In July and August of 2000 I rode a thirty year old scooter across the country with the young guys in this picture. It remains the most consequential thing I’ve ever done. Halfway through the trip, in San Francisco, I decided I would not be returning to New Orleans. I had about $50 and the green and silver scooter above (I’m third from the right, not wearing a shirt for some unremembered terrible reason; though I suspect it was about a million degrees in July down in Louisiana).
I never moved back to the South and for years I lost contact with pretty much everyone in the photo. Scott (all the way on the left) , remains a friend through the power of social media as does Nate, to my left in the picture (maroon and white bike).
When I left New Orleans the headlight still wasn’t in my bike, but I had four mirrors because I thought it was funny. The front rack had an ammo box on it that to this day I keep personal papers and remembrances in. The frame on my bike was always fucked up and the front fork was from a different model, so the scooter always wobbled and swerved, especially at high speed. Eventually I took the engine out and threw it into a newer P200 model. It ran great even though it had mismatched cases. I also abused it mercilessly during the piston break in period.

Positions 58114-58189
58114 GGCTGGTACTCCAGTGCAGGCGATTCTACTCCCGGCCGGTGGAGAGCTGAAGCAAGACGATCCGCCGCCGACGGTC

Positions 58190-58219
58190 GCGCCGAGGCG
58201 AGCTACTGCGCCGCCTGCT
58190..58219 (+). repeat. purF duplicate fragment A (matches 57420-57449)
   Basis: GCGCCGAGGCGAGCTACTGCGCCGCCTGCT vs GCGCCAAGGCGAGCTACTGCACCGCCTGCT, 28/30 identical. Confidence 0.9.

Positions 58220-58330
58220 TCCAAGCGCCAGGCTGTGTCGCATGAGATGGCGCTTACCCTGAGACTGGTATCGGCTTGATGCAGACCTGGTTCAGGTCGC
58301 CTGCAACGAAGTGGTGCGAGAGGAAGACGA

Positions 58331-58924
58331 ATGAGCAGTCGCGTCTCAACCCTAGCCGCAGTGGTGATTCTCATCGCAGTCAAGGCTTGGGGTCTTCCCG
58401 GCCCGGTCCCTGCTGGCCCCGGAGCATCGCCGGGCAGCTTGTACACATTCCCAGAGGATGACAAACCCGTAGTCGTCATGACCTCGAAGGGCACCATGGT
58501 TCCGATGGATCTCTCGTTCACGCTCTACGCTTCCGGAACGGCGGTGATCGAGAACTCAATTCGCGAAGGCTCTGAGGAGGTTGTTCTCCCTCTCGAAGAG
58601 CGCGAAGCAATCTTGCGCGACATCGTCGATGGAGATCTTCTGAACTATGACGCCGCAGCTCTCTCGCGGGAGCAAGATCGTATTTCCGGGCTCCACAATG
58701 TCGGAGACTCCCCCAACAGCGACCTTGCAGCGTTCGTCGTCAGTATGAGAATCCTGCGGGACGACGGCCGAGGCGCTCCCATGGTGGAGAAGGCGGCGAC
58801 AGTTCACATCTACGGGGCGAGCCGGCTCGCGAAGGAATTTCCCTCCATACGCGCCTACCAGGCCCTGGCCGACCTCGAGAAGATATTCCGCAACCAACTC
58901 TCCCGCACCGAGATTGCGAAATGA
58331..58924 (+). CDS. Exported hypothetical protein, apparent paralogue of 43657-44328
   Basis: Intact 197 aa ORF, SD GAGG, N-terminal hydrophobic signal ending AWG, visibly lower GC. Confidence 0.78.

I was 22 years old at the time and completely intolerable to be around. Almost every night I was drinking to excess and I had absolutely no idea what I wanted to do or how to be available to other people. Eventually I had a falling out of sorts with one guy in the picture. It wasn’t something I cared much about at the time and I still don’t have any strong feelings about it. I guess friendships fall apart and it can be painful when they do, but this evaporated without fanfare.
Since this picture went up on Facebook I’ve started to wonder about all these guys. Most of them have families and have settled down, whereas I’m currently up in Humboldt County on a cannabis business trip (not for my work, I’m just tagging along). I have a completely different life, just like they do. In a way the people we were and knew don’t even exist anymore.
I’m glad to have the picture, though. It marks the end of a very unhappy time in my life and the start of becoming who I am now. If I hadn’t taken that trip, I wouldn’t have left Louisiana. I wouldn’t have met my wife. I wouldn’t have a great career. I wouldn’t own a great loft in Oakland. I wouldn’t have two dogs that look like goblins. Everything good in my life came from that trip.
So guys, wherever you guys all are, thank you for letting me ride with you all those years ago.